“Of course not,” said the Mock Turtle. “Why, if a fish came to me, and told me he was going on a journey, I should say, `With what porpoise?’”
“Don’t you mean `purpose'?” said Alice.
“I mean what I say,” the Mock Turtle replied, in an offended tone. And the Gryphon added, “Come, let’s hear some of your adventures.”
In the last chapter, we demonstrated how to use nslookup to make queries. In this chapter, we’ll show you how to use nslookup -- plus traditional TCP/IP networking tools like trusty ol’ ping -- to troubleshoot real-life problems with DNS.
Troubleshooting, by its nature, is a tough subject to teach. You start with any of a world of symptoms and try to work your way back to the cause. We can’t cover the whole gamut of problems you may encounter on the Internet, but we will certainly do our best to show you how to diagnose the most common of them. And along the way, we hope to teach you troubleshooting techniques that will be valuable in tracking down more obscure problems that we don’t document.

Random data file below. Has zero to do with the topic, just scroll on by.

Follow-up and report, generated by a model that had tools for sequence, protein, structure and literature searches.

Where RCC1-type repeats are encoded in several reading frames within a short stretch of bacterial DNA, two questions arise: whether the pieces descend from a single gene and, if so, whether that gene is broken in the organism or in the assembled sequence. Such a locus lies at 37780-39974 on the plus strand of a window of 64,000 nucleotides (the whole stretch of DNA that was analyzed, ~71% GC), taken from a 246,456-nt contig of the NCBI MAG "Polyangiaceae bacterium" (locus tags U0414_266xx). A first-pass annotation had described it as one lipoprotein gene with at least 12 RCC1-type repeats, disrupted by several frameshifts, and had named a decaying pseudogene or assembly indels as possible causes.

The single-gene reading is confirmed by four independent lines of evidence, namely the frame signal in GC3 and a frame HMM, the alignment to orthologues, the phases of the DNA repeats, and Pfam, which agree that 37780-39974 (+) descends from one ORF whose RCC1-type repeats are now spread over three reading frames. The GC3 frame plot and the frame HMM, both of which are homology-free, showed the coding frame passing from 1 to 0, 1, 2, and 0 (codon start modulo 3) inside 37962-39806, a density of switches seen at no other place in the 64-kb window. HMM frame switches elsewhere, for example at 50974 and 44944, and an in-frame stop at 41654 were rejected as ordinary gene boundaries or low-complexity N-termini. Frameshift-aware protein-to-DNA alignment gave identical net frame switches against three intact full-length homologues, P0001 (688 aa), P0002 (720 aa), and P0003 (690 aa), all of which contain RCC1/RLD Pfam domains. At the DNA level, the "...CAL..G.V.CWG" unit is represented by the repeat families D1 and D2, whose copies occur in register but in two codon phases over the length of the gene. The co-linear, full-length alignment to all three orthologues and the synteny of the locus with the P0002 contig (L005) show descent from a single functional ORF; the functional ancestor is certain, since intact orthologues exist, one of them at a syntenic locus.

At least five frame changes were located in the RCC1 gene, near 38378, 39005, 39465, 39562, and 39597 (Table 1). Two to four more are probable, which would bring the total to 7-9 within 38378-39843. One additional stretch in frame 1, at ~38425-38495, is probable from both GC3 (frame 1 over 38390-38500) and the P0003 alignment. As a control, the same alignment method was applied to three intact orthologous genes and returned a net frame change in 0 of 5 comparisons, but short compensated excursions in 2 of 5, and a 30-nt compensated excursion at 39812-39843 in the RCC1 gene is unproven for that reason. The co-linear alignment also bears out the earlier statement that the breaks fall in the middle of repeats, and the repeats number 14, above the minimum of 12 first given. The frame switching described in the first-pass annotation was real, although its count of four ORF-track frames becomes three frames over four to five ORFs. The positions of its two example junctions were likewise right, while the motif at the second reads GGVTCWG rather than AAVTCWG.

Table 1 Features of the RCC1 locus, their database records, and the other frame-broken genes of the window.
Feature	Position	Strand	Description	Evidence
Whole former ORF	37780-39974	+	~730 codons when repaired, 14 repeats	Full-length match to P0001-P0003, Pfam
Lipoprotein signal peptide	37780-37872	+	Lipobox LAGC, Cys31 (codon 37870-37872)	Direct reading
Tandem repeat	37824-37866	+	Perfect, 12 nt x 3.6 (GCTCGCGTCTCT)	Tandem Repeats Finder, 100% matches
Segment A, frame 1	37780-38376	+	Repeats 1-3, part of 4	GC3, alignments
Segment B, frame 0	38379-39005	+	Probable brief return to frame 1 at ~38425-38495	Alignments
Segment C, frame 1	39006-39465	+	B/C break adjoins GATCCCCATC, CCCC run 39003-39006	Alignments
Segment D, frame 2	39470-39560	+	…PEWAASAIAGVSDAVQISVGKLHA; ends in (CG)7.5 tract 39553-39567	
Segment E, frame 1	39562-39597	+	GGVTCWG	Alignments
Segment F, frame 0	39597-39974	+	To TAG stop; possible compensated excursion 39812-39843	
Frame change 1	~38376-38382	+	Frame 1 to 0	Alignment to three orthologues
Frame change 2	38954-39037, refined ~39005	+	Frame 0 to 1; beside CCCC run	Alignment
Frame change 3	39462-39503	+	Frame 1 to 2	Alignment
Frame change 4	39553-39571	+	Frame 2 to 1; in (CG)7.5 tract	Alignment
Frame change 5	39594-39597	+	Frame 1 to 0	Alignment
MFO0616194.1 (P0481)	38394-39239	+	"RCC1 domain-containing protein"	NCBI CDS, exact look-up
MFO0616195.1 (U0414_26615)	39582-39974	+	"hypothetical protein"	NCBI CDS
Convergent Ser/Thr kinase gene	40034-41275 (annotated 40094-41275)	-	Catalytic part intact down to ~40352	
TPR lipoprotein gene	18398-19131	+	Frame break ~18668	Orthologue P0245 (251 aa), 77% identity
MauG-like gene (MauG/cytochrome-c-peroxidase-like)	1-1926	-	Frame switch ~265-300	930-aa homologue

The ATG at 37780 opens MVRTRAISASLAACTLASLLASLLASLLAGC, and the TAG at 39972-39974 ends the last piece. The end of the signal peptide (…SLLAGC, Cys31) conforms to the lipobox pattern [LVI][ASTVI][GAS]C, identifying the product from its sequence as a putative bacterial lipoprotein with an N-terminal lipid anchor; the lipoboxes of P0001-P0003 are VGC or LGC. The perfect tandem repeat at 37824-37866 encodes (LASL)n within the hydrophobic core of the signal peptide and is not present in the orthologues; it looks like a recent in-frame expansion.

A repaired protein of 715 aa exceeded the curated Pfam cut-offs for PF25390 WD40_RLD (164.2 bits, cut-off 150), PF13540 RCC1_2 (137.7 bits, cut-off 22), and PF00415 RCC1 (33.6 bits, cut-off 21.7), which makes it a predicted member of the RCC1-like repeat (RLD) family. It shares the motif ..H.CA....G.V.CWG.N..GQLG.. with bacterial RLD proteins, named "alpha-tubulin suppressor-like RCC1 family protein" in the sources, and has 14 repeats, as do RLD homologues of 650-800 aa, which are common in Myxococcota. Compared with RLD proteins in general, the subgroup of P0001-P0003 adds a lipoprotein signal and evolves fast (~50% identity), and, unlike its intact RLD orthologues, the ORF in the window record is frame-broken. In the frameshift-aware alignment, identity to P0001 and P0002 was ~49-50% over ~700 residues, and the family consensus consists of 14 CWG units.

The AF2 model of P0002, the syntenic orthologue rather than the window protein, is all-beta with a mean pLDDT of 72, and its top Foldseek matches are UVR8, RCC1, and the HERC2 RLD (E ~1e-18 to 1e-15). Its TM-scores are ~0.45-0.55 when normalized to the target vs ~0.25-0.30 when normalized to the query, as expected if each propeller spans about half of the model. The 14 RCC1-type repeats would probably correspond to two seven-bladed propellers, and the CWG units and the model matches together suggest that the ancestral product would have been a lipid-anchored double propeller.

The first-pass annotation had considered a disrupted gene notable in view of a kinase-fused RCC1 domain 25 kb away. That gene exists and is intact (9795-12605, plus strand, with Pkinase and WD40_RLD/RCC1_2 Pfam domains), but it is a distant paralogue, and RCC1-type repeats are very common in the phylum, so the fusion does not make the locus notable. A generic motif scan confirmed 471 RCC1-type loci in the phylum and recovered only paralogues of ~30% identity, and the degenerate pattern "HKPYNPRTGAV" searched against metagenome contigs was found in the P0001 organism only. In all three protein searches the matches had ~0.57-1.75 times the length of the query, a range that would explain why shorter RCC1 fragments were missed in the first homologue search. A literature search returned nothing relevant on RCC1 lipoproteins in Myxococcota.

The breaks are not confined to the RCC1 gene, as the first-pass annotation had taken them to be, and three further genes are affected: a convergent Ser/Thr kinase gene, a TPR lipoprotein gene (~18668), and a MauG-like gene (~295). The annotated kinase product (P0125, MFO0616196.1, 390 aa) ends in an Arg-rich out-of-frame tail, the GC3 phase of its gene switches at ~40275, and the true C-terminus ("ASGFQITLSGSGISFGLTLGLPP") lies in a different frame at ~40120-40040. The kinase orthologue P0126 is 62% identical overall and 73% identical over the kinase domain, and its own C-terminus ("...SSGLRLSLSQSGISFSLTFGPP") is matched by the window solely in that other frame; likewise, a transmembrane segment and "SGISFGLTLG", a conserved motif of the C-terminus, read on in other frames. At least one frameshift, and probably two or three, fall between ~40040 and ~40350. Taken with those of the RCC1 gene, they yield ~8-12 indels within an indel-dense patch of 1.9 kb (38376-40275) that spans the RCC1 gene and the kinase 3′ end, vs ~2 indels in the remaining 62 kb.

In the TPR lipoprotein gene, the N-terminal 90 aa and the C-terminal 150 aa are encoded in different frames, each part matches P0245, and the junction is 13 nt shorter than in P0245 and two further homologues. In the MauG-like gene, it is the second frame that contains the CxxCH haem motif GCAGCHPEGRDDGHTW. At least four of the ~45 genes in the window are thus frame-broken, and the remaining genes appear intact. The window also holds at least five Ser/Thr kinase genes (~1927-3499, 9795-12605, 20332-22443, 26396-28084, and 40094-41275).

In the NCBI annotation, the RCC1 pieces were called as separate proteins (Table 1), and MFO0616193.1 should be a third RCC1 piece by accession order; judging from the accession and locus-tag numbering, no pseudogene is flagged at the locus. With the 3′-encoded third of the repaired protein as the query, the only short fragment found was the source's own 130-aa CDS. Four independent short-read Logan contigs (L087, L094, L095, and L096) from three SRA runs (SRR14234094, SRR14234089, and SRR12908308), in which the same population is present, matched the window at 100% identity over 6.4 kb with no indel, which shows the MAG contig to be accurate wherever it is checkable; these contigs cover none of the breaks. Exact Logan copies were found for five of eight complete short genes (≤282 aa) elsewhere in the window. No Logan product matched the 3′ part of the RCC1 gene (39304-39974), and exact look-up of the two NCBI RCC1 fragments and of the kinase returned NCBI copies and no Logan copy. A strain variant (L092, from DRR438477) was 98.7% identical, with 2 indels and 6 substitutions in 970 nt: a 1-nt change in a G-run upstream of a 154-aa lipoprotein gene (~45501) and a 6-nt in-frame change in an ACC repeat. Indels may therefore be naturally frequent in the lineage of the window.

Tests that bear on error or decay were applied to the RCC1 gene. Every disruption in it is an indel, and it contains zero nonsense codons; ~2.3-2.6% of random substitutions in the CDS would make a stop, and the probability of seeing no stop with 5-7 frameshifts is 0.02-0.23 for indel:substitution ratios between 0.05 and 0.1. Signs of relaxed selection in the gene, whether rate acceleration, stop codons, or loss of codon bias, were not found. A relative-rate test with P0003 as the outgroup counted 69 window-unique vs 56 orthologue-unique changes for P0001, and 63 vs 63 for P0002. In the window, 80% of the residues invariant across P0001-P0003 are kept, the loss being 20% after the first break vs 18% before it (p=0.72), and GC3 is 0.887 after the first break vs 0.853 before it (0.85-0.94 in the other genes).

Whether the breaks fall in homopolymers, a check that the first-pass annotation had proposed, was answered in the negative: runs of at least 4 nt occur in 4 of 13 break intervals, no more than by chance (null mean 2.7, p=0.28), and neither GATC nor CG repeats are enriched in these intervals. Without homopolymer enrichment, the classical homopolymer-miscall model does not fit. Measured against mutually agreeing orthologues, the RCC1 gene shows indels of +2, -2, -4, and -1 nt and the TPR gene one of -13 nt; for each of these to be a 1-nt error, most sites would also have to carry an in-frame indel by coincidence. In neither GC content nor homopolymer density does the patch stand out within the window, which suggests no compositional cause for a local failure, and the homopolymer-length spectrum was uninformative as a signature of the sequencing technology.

Before we launch into a discussion of how to troubleshoot a DNS
problem, we should make sure you know how to tell whether a problem
is caused by DNS, not by another naming service. On Windows hosts,
figuring out whether the culprit is actually DNS can be difficult.
Windows supports a whole panoply of naming services: DNS, WINS,
LMHOSTS, and more.
The stock Windows 2000 nslookup, however, doesn’t pay any attention ...